A part of budget money always goes to higher education. However, every country has its own educational policies which define the percentage of these costs spent on it. Countries like Germany regard higher education as one of the priority areas, which is why it allows young people to get it for free. It means that the country entirely supports education. The US education budget and the government’s funding role are limited, and the tuition costs are almost exclusively a problem of students and their families. In fact, the loan debt in the US has reached the point of $1,300 billion. However, every once in a while, educational policies are reviewed by every country and the US is not an exception. The actions that are taken depend on the country’s current priorities: while some minimize the burden for students and their families, others try to decrease budget spendings. Let us see which budget proposals for the higher education sector the governments of the US, UK, and Australia have.
In their attempts to address the issue of the US college bubble, Bernie Sanders and Hillary Clinton suggested two separate plans. The first plan by Clinton offers a formula, according to which students will be charged tuition fees depending on their families’ incomes. Additionally, to qualify for the subsidies, students will have to work 10 hours a week. In the politician’s opinion, students must demonstrate their willingness to study in college, and they can do it by working 1/4 of the full week. In opposition to Clinton’s proposal, Sanders’ plan suggests that the cost-free higher education should be available to every student who has the right qualifications. It means changing the requirements for applicants, which will help to get the most perspective or most motivated among them enrolled in a college. The second plan looks like it is both simple and effective, but we should see which of the two will be approved.
In early 2015, the Australian Senate tried to pass an education package that was aimed at three issues — deregulation of college fees by the government, cuts of student subsidies, and expansion of the educational system. While each of the three would have not been a problem on its own, their combination could mean harsher conditions for students and their families. This proposal can be explained by one thing, namely, power games between the Labor and Coalition, which they play at the cost of students.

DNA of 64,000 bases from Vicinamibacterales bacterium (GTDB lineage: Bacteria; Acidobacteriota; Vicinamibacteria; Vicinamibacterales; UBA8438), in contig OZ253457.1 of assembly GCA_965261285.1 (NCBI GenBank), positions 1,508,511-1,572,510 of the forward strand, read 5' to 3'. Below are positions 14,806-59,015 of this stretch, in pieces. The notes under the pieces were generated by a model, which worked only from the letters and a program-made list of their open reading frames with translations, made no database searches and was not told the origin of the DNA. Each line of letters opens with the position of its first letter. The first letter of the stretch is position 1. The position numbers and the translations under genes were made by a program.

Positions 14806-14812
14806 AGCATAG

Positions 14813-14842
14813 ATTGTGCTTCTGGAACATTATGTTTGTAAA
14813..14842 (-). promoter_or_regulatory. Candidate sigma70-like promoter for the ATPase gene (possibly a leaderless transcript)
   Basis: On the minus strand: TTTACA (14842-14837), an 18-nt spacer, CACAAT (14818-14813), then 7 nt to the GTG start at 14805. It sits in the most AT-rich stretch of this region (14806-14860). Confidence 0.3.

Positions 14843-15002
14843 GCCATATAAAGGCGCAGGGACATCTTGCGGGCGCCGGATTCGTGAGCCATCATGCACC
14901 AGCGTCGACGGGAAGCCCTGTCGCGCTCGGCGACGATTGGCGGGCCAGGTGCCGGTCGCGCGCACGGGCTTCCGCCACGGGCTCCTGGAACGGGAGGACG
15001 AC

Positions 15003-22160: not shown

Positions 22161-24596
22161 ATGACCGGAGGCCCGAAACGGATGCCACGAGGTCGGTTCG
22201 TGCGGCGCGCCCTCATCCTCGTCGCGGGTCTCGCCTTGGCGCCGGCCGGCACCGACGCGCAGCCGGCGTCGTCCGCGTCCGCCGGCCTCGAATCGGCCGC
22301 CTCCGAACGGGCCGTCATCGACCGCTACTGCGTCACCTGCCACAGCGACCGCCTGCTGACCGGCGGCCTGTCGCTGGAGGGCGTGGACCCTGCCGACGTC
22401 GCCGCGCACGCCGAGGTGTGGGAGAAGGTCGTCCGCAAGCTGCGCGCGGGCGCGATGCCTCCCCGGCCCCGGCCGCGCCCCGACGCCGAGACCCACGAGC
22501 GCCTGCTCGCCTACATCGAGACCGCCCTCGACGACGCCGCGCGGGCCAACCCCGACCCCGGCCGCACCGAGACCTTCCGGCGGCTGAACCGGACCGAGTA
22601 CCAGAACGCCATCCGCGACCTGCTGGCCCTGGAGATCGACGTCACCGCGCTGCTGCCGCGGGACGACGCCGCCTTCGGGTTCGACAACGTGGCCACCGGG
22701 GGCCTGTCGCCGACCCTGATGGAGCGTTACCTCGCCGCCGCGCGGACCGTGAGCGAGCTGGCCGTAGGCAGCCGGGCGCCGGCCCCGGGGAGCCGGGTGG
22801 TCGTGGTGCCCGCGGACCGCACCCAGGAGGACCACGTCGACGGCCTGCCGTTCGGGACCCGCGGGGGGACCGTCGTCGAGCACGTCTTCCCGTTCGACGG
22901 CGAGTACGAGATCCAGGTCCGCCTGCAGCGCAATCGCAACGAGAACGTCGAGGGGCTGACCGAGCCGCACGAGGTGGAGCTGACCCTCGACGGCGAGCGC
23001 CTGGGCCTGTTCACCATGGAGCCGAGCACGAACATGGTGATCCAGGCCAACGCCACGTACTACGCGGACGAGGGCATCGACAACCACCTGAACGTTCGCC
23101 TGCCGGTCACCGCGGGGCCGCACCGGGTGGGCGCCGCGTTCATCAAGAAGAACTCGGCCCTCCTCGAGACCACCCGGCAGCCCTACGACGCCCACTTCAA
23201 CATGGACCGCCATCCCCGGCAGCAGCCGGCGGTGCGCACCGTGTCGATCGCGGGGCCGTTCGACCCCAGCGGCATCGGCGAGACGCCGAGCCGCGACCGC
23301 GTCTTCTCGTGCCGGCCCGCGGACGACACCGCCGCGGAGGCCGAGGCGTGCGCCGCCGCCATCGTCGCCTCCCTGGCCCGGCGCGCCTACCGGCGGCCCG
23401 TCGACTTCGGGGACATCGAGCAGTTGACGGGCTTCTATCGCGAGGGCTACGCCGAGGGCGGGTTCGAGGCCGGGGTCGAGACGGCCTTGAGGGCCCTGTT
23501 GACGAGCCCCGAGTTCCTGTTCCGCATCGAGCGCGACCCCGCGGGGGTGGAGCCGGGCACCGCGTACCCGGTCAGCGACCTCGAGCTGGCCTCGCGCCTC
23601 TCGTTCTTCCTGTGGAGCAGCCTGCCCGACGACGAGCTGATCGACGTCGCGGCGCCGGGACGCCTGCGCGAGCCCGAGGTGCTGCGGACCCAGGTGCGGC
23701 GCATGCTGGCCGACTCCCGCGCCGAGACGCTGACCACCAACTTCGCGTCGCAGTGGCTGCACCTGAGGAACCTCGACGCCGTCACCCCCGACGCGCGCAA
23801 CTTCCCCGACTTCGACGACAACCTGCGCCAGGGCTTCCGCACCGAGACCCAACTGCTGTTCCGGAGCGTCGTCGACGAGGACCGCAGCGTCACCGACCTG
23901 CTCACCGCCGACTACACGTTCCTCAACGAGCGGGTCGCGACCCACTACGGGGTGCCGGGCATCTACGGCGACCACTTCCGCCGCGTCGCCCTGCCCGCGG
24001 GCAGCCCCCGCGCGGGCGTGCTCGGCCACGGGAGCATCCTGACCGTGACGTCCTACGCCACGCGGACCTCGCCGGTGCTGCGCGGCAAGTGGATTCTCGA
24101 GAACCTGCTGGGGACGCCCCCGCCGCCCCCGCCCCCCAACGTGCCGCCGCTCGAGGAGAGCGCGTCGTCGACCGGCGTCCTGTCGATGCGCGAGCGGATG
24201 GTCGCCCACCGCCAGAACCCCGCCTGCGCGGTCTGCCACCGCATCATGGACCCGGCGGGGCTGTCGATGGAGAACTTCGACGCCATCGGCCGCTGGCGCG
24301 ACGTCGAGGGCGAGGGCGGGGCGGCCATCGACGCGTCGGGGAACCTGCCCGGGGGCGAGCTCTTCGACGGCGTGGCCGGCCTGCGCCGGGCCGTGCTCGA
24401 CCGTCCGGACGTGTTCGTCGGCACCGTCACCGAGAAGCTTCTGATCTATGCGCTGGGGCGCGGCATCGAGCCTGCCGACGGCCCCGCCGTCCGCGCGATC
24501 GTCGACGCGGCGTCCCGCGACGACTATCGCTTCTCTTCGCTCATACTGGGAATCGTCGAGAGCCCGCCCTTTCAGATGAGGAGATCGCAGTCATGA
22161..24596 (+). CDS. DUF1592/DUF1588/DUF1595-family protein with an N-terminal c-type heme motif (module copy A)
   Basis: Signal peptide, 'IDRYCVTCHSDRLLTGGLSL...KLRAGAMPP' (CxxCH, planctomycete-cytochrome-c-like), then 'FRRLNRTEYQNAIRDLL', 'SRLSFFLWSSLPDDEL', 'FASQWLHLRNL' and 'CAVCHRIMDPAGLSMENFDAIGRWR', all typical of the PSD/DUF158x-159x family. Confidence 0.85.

Meanwhile in the UK, George Osborne of the Tory party presented the 2015 Budget which contained a number of budget cuts. One of them was related to the maintenance grants for low-income students. Previously, students from families with income of £42,620 were entitled to the annual grant starting from £547 and increasing for the poorer families. Thus, households with earnings that do not exceed £25,000 per year could apply for a grant of £3,387. According to the new Budget, the maintenance grant will be turned into loans that the students will have to pay back after graduating. When making this decision, politicians quoted statistical data that most students were more concerned about their current costs and spendings than the future ones. In other words, students won’t mind.
While in some European countries the officials have recognized the fact that higher education helps to establish the intellectual elite and facilitate innovation, other governments continue to cut costs and make education available only for the privileged groups. Let us hope that a new form of student loans in the UK will not result in crisis like in the US. The governments should acknowledge that higher education used to be a privilege once, but it is a necessity in the present-day world that is rapidly evolving.
About the Author
Steven Arndt is a passionate writer, educator and a former History teacher. He tends to reconsider the role of modern education in our society and watches with awe the freedom the youth now has.